Policy networks and the local organisation of tourism
Dianne DredgeCorresponding Author Contact Information, E-mail The Corresponding Author
School of Environmental Planning, Griffith University, Nathan. QLD 4111, Australia
Received 8 April 2004;
accepted 14 October 2004.
Available online 1 February 2005.
Networks spanning public and private sectors are increasingly important in shaping tourism planning and development. In many destinations, the formal and informal relationships between local government and industry have a considerable effect on the capacity of the destination to harness these public–private partnerships. By way of a case study of Lake Macquarie, New South Wales, Australia, this paper investigates relationships between local government and industry to critically discuss the role of networks in fostering or inhibiting public–private sector partnership building. The findings suggest that fostering an environment in which innovative public–private partnerships can emerge, requires careful management between state and societal dominance be achieved and that the relationship between the active tourism network and the wider, passive community be explicitly managed.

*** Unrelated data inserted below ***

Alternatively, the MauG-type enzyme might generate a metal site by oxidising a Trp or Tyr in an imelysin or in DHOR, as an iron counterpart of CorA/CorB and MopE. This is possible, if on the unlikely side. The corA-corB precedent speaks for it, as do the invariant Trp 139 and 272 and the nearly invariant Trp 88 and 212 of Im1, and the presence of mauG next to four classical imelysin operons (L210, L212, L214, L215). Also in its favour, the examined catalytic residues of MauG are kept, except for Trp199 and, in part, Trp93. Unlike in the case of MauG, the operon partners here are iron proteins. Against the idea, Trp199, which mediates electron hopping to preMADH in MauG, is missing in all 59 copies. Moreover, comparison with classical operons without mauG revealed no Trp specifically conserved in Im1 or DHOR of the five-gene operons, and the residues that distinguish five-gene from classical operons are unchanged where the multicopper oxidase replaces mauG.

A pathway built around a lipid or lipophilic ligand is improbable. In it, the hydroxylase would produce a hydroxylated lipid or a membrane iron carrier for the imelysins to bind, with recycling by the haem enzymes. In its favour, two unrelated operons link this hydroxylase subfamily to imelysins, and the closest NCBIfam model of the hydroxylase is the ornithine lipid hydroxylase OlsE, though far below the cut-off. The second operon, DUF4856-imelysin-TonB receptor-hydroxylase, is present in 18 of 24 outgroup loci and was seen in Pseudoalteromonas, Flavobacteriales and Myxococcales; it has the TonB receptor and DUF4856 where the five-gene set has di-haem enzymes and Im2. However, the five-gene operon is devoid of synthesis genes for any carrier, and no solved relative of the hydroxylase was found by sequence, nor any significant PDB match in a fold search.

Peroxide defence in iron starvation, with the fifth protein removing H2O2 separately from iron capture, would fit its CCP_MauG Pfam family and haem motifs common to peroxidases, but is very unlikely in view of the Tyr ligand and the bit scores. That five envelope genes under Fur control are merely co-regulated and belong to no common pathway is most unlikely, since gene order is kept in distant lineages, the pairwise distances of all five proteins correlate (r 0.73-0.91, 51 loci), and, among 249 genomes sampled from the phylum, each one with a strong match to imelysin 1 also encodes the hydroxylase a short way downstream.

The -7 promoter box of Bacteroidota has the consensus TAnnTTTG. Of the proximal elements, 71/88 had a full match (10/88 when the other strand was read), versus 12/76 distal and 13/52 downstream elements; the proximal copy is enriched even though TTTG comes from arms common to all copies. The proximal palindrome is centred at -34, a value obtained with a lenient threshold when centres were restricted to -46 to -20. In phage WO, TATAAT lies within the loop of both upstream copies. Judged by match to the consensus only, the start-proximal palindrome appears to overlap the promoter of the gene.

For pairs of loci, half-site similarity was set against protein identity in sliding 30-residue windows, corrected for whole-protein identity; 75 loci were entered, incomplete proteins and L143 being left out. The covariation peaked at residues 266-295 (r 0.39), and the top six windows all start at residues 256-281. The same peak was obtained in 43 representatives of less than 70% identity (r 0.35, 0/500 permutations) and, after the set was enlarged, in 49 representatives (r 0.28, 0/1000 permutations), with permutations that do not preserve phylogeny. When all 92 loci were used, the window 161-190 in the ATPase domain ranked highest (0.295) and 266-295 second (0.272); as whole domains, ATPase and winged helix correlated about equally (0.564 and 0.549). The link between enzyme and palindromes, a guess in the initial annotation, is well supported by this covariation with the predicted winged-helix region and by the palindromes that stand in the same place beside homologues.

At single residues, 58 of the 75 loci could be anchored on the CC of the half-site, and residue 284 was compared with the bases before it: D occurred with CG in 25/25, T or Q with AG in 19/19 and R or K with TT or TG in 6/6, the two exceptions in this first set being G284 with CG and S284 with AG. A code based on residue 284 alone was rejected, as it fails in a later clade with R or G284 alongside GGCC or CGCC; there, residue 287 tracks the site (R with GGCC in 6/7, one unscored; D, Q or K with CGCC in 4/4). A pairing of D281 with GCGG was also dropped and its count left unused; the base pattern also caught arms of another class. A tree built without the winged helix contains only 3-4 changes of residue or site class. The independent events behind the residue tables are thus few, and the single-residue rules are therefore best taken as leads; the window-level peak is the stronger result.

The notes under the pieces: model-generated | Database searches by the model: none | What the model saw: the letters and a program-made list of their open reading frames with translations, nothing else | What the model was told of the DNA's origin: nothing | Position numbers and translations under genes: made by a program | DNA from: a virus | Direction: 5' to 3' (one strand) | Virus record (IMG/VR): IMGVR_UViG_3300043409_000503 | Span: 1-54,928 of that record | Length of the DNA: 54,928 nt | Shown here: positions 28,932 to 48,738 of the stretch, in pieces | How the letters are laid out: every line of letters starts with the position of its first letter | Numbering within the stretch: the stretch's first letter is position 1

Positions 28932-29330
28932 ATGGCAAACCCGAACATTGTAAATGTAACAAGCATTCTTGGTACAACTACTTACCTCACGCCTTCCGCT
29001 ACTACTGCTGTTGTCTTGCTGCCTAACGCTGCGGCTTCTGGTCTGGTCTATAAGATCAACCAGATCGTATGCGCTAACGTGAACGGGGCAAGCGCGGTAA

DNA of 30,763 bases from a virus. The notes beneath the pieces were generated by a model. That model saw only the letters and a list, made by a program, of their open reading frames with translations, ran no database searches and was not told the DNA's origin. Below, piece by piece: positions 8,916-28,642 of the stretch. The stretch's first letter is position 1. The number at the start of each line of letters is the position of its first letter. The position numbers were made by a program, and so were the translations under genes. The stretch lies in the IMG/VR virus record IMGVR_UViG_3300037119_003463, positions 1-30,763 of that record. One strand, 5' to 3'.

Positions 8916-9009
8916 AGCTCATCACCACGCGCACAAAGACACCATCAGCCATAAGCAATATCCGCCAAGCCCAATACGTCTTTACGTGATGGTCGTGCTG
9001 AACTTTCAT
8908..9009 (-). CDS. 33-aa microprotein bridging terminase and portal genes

Keywords: Public–private partnerships; Local tourism association; Local government; Tourism; Networks
2. Tourism, networks and destination management
3. Researching networks
3.1. How do we identify and investigate the networks in operation?
3.2. How do we decide what aspects of the networks to investigate?
3.3.How do we identify the influence of networks in developing public private partnerships?
3.4. How will the evidence be treated?
4. Case study context
5. Historical antecedents
6. Analysis: the influence of networks on public–private partnerships
7. Discussion: managing networks